Pavilion Energy is to work with Gasum on LNG bunkering in the Port of Singapore and Northern European ports and is also in discussions with Asian industry players to develop the continent’s marine LNG sector, Managing Director for Asia, Alan Heng, tells Bunkerspot.
The strategic partnership with Gasum will see Pavilion Energy bunker the Finnish state-owned gas company’s customers at the Port of Singapore while Gasum will bunker Pavilion Energy’s LNG’s customers in northern European ports. As previously reported, Pavilion Energy will share the use of a dual-fuel LNG bunker tanker with Total Marine Fuels Global Solutions for bunkering in Singapore.
The strategic agreement forms part of Pavilion Energy’swider goal of developing a global LNG bunker supply network.
Speaking to Bunkerspot, Pavilion Energy Managing Director for Asia, Alan Heng said that the move would support the company’s aim of engendering growth of the industry by instilling confidence in LNG as a reliable, credible and sustainable marine fuel of choice.
‘We believe strongly that it’s important for a bunker supplier to be involved in a global network. Ships travel around the world and they need to be fuelled in different ports,’ said Heng.
‘Much of LNG bunkering today has been within a particular region. Europe has led the way and we see the emergence of it in China as well as in Singapore and southeast Asia. But the real uptake will only come when there’s transcontinental traffic,’ Heng added.
In order to drive this demand, Heng stressed the importance of establishing a global LNG bunkering network that crosses continents.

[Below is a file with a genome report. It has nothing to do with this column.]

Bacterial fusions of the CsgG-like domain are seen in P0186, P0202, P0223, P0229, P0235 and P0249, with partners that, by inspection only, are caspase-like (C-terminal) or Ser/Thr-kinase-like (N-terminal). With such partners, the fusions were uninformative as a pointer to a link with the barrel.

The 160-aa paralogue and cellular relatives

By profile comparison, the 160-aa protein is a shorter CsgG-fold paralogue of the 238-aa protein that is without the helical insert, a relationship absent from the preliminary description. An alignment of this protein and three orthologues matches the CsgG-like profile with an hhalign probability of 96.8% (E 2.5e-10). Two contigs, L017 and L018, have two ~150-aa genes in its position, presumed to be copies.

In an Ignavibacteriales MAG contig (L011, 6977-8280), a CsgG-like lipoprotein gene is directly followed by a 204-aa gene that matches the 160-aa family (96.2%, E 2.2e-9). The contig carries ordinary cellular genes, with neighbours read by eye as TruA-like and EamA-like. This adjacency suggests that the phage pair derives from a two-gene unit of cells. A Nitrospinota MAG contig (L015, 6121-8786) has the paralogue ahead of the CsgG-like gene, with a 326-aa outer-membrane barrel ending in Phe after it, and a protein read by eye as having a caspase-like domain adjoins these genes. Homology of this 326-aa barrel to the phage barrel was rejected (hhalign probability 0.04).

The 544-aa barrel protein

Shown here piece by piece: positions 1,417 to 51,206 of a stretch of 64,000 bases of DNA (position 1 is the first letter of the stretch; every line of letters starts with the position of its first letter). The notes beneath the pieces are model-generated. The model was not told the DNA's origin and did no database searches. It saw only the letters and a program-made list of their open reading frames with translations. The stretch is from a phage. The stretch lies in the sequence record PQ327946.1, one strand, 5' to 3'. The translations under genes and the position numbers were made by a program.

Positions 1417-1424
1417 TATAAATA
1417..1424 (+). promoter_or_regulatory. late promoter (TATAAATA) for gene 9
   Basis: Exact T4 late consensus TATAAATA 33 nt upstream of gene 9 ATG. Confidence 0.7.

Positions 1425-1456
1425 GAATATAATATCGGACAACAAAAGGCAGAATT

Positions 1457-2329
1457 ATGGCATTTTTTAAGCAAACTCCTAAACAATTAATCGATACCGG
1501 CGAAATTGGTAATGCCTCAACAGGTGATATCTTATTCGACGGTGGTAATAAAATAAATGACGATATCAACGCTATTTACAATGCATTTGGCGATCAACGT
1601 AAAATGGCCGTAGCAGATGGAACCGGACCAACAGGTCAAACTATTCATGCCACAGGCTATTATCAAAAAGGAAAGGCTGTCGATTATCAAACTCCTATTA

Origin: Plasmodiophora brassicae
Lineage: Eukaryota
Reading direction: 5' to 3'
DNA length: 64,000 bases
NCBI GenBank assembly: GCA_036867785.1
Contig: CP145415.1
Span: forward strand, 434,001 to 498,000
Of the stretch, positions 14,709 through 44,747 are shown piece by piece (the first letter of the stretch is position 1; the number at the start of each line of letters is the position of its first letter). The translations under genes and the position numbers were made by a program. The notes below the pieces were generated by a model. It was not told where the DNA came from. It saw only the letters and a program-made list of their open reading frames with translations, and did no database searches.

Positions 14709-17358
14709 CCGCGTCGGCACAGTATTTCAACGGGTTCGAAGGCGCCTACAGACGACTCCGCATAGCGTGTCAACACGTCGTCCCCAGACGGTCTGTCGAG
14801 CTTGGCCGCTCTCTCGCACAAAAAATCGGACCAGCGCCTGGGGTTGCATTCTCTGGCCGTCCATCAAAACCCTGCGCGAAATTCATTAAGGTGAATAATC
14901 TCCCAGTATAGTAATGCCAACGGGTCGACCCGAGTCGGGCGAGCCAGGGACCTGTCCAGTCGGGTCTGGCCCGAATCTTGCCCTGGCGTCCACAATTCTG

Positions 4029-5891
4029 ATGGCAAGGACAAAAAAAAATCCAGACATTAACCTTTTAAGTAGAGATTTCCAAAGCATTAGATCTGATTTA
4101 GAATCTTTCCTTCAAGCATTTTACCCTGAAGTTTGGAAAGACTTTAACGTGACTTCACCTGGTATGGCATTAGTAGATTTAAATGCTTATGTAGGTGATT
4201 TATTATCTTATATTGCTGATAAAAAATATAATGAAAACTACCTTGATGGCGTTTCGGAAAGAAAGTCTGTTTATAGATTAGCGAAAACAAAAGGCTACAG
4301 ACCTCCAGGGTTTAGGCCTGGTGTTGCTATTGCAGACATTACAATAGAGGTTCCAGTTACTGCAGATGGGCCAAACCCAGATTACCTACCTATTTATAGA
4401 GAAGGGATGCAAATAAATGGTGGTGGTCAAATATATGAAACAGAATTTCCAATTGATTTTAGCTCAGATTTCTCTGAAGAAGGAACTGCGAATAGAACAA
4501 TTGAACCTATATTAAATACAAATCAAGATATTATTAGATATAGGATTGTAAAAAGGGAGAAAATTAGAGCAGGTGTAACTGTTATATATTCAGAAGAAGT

‘As a bunker supplier, we have to make sure that LNG bunker vessels and infrastructure are put in place,’ said Heng. ‘We have to put in place procedures to make sure we can safely deliver bunker fuel to our customers. We also have to put in place the right commercial arrangements so that customers are confident enough to sign up to LNG bunkering.’
Heng continued: ‘What we are hearing from our customers is that they want us not just to be in Singapore but also in Europe and north Asia. We are now starting to build that global network.’
According to Heng, forming ties with an established European partner, such as Gasum, is an early step to developing a global bunker supply network.
‘Gasum is a partner that had a good alignment with our interests,’ Heng said.
Pavilion Energy acquired Spanish Iberdrola’s LNG assets in June 2019 and started LNG trading operations and natural gas supplies into UK and Spain earlier this year. The company is also actively seeking to develop its LNG bunkering operations in north Asia.
‘We are in discussions with potential partners in both China and Korea in a similar way that we are doing with Gasum, to leverage on each other’s strengths and assets that we have in play.’
Heng added: ‘We have had conversations with shipowners and some of the challenges expressed by them is the reliability of the supply chain and the global network of LNG around the world. There is more confidence in Europe whereas in Asia it has lagged a little bit.
‘By building the infrastructure and network, we are giving them assurances that there will be reliable supply and I think the shipowners are now coming to the understanding that they need to move towards decarbonisation in the marine transportation sector. The more obstacles we remove as a fuel supplier, the more comfortable they will be to commit to investing in LNG-fuelled vessels.’